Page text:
The risk that a company may decline in share price because of negative news coverage. For example, rumors that a company's earnings are declining may cause shareholders to sell their stock. Even if the news itself is not true, headline risk can cause significant volatility for the stock in the short-term. For this reason, companies often price out the news by slowly leaking information before it is announced to minimize surprises and reduce the power of false rumors. See also: CNN effect.
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The possibility a negative news story will spread to other media outlets and cause a significant change in the value of an investment. For example, an unconfirmed report of a corporate management shakeup might be picked up by competing newspapers and television networks, thus causing a sharp decline in the company's stock price. The firm's stock price is likely to be subject to substantial volatility even though the story eventually proves false.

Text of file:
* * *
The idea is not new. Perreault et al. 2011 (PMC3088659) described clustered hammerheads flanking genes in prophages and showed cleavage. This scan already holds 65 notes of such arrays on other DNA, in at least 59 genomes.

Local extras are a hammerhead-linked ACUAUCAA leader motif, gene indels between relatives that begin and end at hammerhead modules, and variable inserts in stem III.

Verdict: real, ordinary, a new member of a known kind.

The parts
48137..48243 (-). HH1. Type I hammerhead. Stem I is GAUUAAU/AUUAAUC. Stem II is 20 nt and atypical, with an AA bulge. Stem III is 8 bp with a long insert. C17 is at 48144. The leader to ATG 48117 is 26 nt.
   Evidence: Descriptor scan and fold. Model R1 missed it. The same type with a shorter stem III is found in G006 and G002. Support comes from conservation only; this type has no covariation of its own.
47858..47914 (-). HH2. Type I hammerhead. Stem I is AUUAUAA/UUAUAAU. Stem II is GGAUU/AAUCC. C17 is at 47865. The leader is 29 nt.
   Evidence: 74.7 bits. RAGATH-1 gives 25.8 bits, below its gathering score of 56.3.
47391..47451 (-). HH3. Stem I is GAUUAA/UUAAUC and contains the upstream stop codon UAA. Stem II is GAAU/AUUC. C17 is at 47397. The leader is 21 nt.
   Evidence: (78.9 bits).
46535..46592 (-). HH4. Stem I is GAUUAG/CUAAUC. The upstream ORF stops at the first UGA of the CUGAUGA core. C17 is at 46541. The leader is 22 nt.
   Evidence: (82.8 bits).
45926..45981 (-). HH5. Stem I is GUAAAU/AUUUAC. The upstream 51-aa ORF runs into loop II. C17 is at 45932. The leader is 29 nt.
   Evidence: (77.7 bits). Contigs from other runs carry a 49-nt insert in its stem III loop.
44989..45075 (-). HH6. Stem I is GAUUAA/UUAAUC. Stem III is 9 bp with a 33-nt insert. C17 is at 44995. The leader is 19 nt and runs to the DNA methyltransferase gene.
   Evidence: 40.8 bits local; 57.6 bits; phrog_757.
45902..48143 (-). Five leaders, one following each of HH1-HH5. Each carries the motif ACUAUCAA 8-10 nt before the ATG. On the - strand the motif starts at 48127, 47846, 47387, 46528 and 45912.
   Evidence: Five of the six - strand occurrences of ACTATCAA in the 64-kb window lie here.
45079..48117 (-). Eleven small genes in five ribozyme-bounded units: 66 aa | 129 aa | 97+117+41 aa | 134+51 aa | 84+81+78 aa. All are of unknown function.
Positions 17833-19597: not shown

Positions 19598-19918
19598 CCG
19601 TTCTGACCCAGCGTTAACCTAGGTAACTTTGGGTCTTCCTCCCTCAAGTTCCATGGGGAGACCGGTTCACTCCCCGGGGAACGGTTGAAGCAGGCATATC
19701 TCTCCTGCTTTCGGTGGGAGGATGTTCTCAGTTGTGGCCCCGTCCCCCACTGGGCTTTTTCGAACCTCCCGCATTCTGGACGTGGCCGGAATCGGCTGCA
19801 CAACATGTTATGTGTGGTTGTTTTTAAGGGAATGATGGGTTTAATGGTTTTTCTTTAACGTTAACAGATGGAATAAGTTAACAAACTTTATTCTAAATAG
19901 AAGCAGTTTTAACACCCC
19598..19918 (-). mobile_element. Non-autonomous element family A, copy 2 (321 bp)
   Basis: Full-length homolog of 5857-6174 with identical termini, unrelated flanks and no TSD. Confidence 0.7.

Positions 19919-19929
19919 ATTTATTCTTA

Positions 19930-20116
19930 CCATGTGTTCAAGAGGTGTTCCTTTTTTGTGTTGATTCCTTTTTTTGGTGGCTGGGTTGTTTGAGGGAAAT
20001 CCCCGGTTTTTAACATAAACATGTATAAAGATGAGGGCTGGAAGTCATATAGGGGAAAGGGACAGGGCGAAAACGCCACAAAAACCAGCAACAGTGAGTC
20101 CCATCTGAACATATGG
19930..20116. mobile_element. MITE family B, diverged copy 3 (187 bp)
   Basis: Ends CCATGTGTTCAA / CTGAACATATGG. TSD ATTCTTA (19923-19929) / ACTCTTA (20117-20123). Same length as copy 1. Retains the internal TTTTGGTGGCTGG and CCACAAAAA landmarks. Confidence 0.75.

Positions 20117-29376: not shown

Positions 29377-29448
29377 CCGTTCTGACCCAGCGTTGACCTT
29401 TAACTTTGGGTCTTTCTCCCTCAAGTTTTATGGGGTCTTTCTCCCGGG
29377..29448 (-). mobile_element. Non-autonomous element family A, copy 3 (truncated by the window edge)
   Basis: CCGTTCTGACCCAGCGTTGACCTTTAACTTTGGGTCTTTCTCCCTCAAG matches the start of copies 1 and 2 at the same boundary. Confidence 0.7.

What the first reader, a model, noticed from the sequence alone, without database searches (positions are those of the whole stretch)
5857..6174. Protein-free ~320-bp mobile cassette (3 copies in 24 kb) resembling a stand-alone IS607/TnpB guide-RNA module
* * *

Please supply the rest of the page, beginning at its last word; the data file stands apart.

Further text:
Wall Street Words: An A to Z Guide to Investment Terms for Today's Investor by David L. Scott. Copyright © 2003 by Houghton Mifflin Company. Published by Houghton Mifflin Company. All rights reserved. All rights reserved.